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Massacre by Military Police in the Fallet-Fogueteiro Favela and the Role of Brazilian Media

Brazilian Media Play Key Role in Criminalizing and Legitimating Such Actions

Clique aqui para Português

For the original article in Portuguese published by Mídia 1508 click here.

Warning: Article contains graphic images

Special Operations and Shock Battalions of Rio de Janeiro’s Military Police Kill 13 People

On the morning of Friday, February 8, thirteen people were executed after surrendering to police, according to residents of Morro do FalletFogueteiro in Santa Teresa, located in Central Rio. Many of the victims were shot in the back, an indication that no shootout took place. Another strong indication is that not a single police officer was injured in the alleged “confrontation” with over twenty people. Another four were arrested. The killings took place during an operation by the Military Police’s Special Operations Battalion (BOPE) and Shock Battalion. According to the Municipal Secretary of Health, thirteen people arrived at the Souza Aguiar Hospital in Central Rio already dead. One injured person is in the Intensive Care Unit (ICU) at the same hospital.

Furthermore, residents report that they were threatened by police, who told them to leave the scene or else “everyone would be cleansed”—in other words, they would kill everyone.

“There was no shootout. It was a massacre,” stated a resident.

Another resident reports that the police made other threats:

“Next time, it won’t be ten [victims]—it will be twenty,” said a police officer.

According to witnesses, of the thirteen killed, ten were inside the house of a resident who had nothing to do with drug trafficking. The ten people had surrendered to the Military Police inside a house. Even after doing so, they were executed by the officers.

A cousin of Robson da Silva Pereira—one of the victims killed inside the house—said that the Military Police officers didn’t accept their surrender and entered the house already shooting. “We asked them not to do it, but they didn’t listen. They entered the house and killed the boys, including my cousin—who wasn’t involved with drug trafficking.” The mother of another victim denounced the actions taken by the police. “They can’t act like this. They had surrendered—there was no reason to kill them. The police [should] serve to protect people, not to kill like they did with my son,” she recounted.

For three consecutive days, Comando Vermelho (Red Command) and the Terceiro Comando Puro (Third Pure Command) engaged in shootouts amid a territorial dispute over the region, which is controlled by the former, until the government intervened by way of the Military Police in the worst possible way: with a massacre, exercising its policy of terrorism.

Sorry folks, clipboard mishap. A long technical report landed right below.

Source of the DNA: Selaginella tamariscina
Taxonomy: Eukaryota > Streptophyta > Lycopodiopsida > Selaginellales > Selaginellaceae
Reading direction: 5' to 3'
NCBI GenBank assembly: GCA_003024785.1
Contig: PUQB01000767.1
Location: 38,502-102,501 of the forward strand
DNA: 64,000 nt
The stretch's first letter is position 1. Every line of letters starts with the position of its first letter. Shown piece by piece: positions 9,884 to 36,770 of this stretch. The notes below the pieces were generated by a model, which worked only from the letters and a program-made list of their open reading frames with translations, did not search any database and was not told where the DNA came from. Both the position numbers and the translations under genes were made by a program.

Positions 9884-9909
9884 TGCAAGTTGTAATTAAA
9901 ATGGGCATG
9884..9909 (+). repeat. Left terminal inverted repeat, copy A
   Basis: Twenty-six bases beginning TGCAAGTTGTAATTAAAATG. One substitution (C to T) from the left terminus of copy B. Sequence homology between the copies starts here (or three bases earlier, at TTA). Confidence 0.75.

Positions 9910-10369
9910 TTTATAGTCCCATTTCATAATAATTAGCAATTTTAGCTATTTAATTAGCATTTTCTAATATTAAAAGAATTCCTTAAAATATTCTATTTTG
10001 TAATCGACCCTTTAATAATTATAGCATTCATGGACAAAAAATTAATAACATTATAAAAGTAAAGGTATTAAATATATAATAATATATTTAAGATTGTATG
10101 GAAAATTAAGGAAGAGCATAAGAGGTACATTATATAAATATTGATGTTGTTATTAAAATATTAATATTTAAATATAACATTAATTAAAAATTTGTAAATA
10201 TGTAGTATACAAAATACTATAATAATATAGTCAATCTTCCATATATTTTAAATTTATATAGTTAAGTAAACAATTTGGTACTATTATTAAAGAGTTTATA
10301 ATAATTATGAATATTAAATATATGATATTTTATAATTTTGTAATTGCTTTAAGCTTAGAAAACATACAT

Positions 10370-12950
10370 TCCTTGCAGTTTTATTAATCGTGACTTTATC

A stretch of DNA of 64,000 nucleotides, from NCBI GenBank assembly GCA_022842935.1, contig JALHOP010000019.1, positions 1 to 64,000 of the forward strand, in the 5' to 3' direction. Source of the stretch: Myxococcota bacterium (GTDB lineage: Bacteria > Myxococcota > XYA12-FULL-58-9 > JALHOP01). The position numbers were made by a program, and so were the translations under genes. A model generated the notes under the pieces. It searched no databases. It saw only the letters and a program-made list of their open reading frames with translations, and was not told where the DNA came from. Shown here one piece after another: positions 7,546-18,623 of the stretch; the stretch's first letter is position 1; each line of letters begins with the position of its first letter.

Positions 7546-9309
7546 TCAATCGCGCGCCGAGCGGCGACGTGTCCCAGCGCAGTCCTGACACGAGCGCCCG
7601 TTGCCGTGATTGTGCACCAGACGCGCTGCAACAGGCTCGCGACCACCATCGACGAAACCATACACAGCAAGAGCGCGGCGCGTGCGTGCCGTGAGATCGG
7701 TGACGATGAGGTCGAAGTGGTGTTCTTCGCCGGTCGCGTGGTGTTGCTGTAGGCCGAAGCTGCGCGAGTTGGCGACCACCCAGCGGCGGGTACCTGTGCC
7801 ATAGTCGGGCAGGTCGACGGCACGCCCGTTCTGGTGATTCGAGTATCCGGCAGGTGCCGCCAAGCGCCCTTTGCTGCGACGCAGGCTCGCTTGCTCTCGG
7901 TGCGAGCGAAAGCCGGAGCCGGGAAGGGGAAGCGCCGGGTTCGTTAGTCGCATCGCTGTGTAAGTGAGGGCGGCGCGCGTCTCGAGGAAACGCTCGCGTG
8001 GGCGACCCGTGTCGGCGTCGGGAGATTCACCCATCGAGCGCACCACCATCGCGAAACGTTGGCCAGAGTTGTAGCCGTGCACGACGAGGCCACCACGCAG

No expert report was conducted; the bodies were dragged through the house and then placed by the very police officers who shot them in a dumpster—a standard procedure to get rid of evidence. It’s no secret to residents of Rio de Janeiro that in situations of conflict between drug trafficking factions, the government (by way of the Military Police) takes sides—and executes the opposing side. There are even reported cases of BOPE renting out their infamous police tanks to allow Faction X to invade a region and seize power in the area from Faction Y. This practice has been denounced in the favelas of Complexo da Maré, in Rio’s North Zone, for example.

Mainstream Media

As always, a good share of the Brazilian press constructed a narrative of the incident as told by the police—the official version of all police operations conducted in favelas. Residents and witnesses are ignored. The articles that are produced feed into the false “war on drugs,” citing a single source: “According to the police, the victims were drug traffickers.” Period. It’s enough to justify a massacre in Brazil.

These articles give rise to comments* such as:

“Those who suggest that the legalization of drugs is a way of doing away with drug trafficking are measuring society with their own rulers. Even if [drugs] are legalized, they still cause addiction. As a result, whenever users need to sustain their habit and don’t have money, they’ll commit crimes to get their fix. The [problem] is best solved by severely combating and continuing to criminalize [drugs]. Congratulations to the police.”

“That’s it! A good thug is a dead thug.”

This police journalism maintains the logic of the criminalization of poverty and the idea that the favela is criminal—and therefore, residents should be summarily executed. If the police say that they are drug traffickers, they deserve their deaths. No expert report, investigation, or victim identification is carried out—nothing. There is complete “faith” in the word of one of the Brazilian government’s most corrupt institutions. It’s the exercise of the death penalty.

*Comments taken from the G1 website.